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Courtney Walsh: The epitome of stoic durability

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Last updated on 30 Oct 2023 | 05:06 AM
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Courtney Walsh: The epitome of stoic durability

Though his record of 519 Test wickets was soon broken by Shane Warne and then Muttiah Muralitharan, Walsh’s career wasn’t just about numbers

From ending his career with 43 ducks to not mankading Saleem Jaffar in the 1987 World Cup, which eventually eliminated West Indies from the tournament and effectively ended their dominance in world cricket, a layman might see Courtney Walsh’s career as a bag full of regrets, but the player never thought so.

Former West Indies pacer and captain Walsh played for the sheer joy of pace bowling, which was evident from the fact that he ended up bowling more than 5000 overs, which resulted in 30,019 deliveries. Given Walsh’s consistent performances and relatively injury-free career, he was widely believed to be an anatomical prototype that could last forever.

The secret was probably his simple and non-elegant bowling action, where he just catapulted the ball with a snap of his hips from a dangerous height. A career spanning over 17 long years, Walsh had realized his inhuman durability early on in his career and had no problems being a stock bowler behind Joel Garner, Malcolm Marshall and Curtley Ambrose in the 1980s.

His time would come in the next decade when Barner and Marshall retired, as Walsh formed a deadly new-ball partnership alongside Walsh with the duo tallying a mammoth 752 wickets in 94 Tests. Walsh’s biggest strength was his ability to keep the batsmen guessing, with a devastating leg-cutter being his prime weapon. Later in his career, with his pace waning, Walsh would come up with a highly effective slower ball and deceptive in-swing delivery to compensate for it.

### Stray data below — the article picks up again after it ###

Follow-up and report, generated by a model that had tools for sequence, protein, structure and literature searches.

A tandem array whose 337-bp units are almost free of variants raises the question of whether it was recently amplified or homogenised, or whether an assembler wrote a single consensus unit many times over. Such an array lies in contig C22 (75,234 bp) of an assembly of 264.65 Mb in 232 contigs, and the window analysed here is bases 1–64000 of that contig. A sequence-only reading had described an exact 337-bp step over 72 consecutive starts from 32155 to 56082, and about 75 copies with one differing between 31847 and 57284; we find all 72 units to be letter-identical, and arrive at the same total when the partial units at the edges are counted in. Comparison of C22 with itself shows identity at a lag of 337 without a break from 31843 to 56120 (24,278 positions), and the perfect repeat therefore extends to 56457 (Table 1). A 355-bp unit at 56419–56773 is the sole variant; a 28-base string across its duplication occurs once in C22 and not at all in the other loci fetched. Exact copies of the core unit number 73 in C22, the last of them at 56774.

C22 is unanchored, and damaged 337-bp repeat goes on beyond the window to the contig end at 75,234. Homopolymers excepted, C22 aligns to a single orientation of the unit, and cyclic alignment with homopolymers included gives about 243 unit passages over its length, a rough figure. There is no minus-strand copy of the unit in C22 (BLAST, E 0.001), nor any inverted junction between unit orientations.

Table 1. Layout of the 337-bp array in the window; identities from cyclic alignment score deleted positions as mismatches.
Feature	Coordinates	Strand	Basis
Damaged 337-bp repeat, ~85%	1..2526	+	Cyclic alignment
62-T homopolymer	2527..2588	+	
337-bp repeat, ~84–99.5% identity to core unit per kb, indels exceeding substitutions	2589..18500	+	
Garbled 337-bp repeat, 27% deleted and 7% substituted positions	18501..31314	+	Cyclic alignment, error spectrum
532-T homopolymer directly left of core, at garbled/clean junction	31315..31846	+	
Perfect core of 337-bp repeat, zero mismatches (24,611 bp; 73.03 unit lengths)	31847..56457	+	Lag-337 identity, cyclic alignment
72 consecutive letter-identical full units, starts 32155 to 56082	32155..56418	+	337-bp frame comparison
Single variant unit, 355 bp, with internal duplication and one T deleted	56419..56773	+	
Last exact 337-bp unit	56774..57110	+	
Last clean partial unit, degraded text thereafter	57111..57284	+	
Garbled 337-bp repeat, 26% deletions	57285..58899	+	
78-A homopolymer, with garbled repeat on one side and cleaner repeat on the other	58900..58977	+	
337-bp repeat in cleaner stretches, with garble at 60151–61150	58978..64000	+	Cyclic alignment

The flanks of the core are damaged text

Despite debuting for the West Indies back in 1984 in Perth, Walsh had to wait to get into the team owing to the plethora of talent that the Men in Maroon had in the pace department. But, once Walsh broke into the line-up, he never went away. 

Walsh would first make a mark for the West Indies in 1987 with a five-fer against New Zealand, and it was all the confidence he needed. He would follow that up with a memorable tour of India, where he took 25 scalps across four Tests that included two five-wicket hauls.

Walsh’s favourite opponent was England, as was the case with most West Indies pacers of the 80s, against whom he took a whopping 145 wickets in 36 matches. Australia and India came second and third, as Walsh had 135 and 65 scalps against them, respectively.

His longevity and vast experience did force the board to hand him the captaincy in 1992 from Richie Richardson, and Walsh did lead the team to series wins over New Zealand and India, but the fan-favourite Brian Lara would soon take over after West Indies were beaten 3-0 by Pakistan.

But, Walsh was hardly affected by it as he continued his bowling regardless and went on to break Kapil Dev’s record of 434 wickets on March 27, 2000. One year later, he would become the first bowler in the history of the game to reach 500 wickets, before he eventually hung up his boot with 519 wickets. Walsh would take six wickets in his last Test match against South Africa.

The white ball hardly suited Walsh as he ended with 227 scalps in 205 ODIs, but England’s Gloucestershire fans would always be fond of the man for his years-long service for the county club. Walsh would play 429 First-class games in which he took a whopping 104 five-wicket hauls.

Though his record of 519 wickets was soon broken by Shane Warne and then Muttiah Muralitharan, Walsh’s career wasn’t just about numbers. As Walsh had famously stated, “Cricket is not about winning. It is about having fun. If you’re having fun, you’re going to win.”

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